At Easter, death becomes the prevailing and sacred image, but it is also the greatest challenge to humanity. As crowds bay for his blood, Jesus dies. The subsequent call to follow Jesus is often accompanied by a challenge to take up our own cross, but how does a 21st century citizen respond to such a call? And why should we? For what or for whom would you lay down your life? For friends, for children, or for country?
In the film Amen by Costa-Gavras, a young German scientist Kurt Gerstein realises that he has developed a chemical that will be used to kill humans, not animals as he was initially led to believe. With the help of a young Jesuit priest Riccardo Fontana, a fictitious character, Kurt raises the plight of Jews in concentration camps with Pope Pius XII.
At one point in the film, the fictitious Jesuit priest, who represents many priests confronted by the horror of the holocaust, suggests to his colleagues that Catholics should simply convert to Judaism en masse. For in the face of such a mass protest, the Nazis could not possibly continue on their deadly course. In his book “How not to speak of God”, Pete Rollins suggests that this story represents a greater challenge than dying on account of one's beliefs: would we kill our beliefs for the sake of them?
Sadly, racial and religious persecution did not die with the defeat of the Nazis. There are countless examples of mindless hatred across the world, and currently the most depressing is no doubt the situation in Darfur and neighbouring Chad. Amnesty International reports that the perpetrators are a loose coalition, based on common ethnicity, of Sudanese government-backed militia and Chadian allies.
Since 2003, the militias have concentrated on killing men between the ages of 20 and 50, and sexual violence against women. The result is the genocide of more than 85,000 civilians, with more than two million internally displaced persons in Darfur and 218,000 displaced Darfuris who live in wretched conditions in camps in eastern Chad.
Rather than acting to stem this tragedy, the violence has spread since 2005 to Chad, where more than 90,000 people were forcefully displaced, and about 1,000 were killed by Sudanese Janjawid militias and local allies.
At the heart of the genocide is a civil war which has been waged almost continuously since independence in 1956. It can be described (PDF 304KB) as a dispute between the Arab Muslim north and the Animist and Christian south, however, Alan Phillips of Minority Rights Group International in 1995 described the conflict as a “multi-ethnic ... struggle over access to land or political power”.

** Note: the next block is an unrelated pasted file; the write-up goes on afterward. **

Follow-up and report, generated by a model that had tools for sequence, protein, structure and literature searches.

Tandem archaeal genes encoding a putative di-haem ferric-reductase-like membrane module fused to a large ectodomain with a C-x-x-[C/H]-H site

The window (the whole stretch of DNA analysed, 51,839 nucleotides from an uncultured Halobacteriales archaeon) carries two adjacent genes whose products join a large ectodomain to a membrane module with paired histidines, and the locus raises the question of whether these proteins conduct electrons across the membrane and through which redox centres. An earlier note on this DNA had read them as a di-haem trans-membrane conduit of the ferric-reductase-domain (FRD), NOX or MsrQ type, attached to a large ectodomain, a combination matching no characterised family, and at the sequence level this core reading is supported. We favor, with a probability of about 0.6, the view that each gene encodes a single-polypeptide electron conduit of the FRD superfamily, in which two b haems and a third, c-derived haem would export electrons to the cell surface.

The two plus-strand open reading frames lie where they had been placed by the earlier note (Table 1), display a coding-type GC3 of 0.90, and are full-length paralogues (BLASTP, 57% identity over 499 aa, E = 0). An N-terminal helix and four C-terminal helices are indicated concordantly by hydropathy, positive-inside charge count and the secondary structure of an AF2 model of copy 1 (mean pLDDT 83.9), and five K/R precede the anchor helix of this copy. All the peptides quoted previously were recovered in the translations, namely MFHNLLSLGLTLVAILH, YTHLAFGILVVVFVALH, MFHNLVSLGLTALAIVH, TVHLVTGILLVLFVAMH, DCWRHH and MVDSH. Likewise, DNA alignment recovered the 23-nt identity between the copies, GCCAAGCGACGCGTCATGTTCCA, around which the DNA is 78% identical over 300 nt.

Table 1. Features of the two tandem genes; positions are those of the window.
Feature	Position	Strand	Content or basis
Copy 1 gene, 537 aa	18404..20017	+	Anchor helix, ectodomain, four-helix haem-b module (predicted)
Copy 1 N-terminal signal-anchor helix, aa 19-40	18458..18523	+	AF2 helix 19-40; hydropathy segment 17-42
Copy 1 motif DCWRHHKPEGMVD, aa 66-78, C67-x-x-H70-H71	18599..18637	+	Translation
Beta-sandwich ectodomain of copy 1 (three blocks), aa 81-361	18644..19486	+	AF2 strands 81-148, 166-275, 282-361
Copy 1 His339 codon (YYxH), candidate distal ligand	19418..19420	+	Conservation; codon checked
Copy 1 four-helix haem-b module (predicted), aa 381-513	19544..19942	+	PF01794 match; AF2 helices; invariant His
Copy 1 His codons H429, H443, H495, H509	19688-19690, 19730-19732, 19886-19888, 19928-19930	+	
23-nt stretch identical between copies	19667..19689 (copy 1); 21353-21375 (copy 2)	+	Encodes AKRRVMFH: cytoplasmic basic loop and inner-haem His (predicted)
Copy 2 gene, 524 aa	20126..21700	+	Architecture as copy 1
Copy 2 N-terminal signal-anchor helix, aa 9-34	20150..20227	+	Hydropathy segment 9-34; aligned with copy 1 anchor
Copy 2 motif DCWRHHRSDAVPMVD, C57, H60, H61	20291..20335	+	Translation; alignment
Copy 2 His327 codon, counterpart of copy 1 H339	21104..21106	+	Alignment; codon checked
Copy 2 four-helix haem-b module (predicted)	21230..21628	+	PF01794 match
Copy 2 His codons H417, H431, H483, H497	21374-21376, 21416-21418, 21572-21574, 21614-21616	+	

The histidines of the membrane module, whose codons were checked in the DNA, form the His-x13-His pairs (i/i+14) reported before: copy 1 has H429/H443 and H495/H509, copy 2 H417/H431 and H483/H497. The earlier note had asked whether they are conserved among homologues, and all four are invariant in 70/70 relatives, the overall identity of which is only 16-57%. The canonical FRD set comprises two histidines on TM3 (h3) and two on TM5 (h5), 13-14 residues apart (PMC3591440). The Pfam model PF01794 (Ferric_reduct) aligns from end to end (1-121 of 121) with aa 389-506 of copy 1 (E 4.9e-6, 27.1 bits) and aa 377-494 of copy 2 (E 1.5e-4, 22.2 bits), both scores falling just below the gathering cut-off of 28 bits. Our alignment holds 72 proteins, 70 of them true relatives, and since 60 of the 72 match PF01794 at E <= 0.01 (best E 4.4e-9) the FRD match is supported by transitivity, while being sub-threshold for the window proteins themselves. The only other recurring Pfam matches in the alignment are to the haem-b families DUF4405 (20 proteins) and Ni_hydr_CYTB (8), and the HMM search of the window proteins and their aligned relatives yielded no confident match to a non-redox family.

For most of us, the contrast could not be starker. As Australians spent their Easter holiday weekend relaxing, Easter spells no such relief for some on the other side of the world. Perhaps this contrast is the challenge.
Or perhaps we need to delve further into the rationale that motivates humans to act so unjustly and unjustifiably towards fellow human beings throughout history. Is religion the motivation for racial hatred, or is it a quest for assimilation? Maybe it stems from the lust for financial and political power?
Whatever the motivation, it is worth considering the similarities between the extremes of racial hatred and violence and the insidious and frequently disguised prejudices that exist in mainstream society. Whether it was the aftermath of the September 11 attacks or in Hanson-ism in the late 1990's, long hidden fears were allowed to bubble to the surface in Australia.
Recently, in the much-publicised case of a regional refugee settlement in Tamworth, councillors and residents expressed concerns about the influx of Sudanese refugees, even though it involved only five families. Concerns raised were linked to the treatment of women, and the perceived criminality of 12 refugee families already living in Tamworth. Thankfully, the settlement of refugees, initially blocked by the council, went ahead after the council reversed their decision.
The undercurrents of ethnic and religious prejudice run much thicker than the Murray Darling in Australia. Just scroll the newspapers for positive stories on Muslims and you'll find countless examples of fear-mongering, and pandering to prejudice. Prime Minister John Howard has hardly helped, on several occasions demanding that Muslims integrate, singling out a small subsection of Muslims who, in his eyes, have resisted integration.
According to the Australian Bureau of Statistics, 281,578 respondents ticked the box marked Islam at the 2001 census, about 1.5 per cent of Australia's population. No doubt countless more may have ticked a box marked Islamaphobic if such a box existed. Easter provides time and space for reflection.
At the cross, crowds called for Jesus' death. Others silently watched on. Moral reflection has no natural place in a mob. The challenge is always for individuals to act against their nature and to take a stand; to lay down something precious in order to defend it. Perhaps this is the real and ongoing citizenship test, multiple choice of course.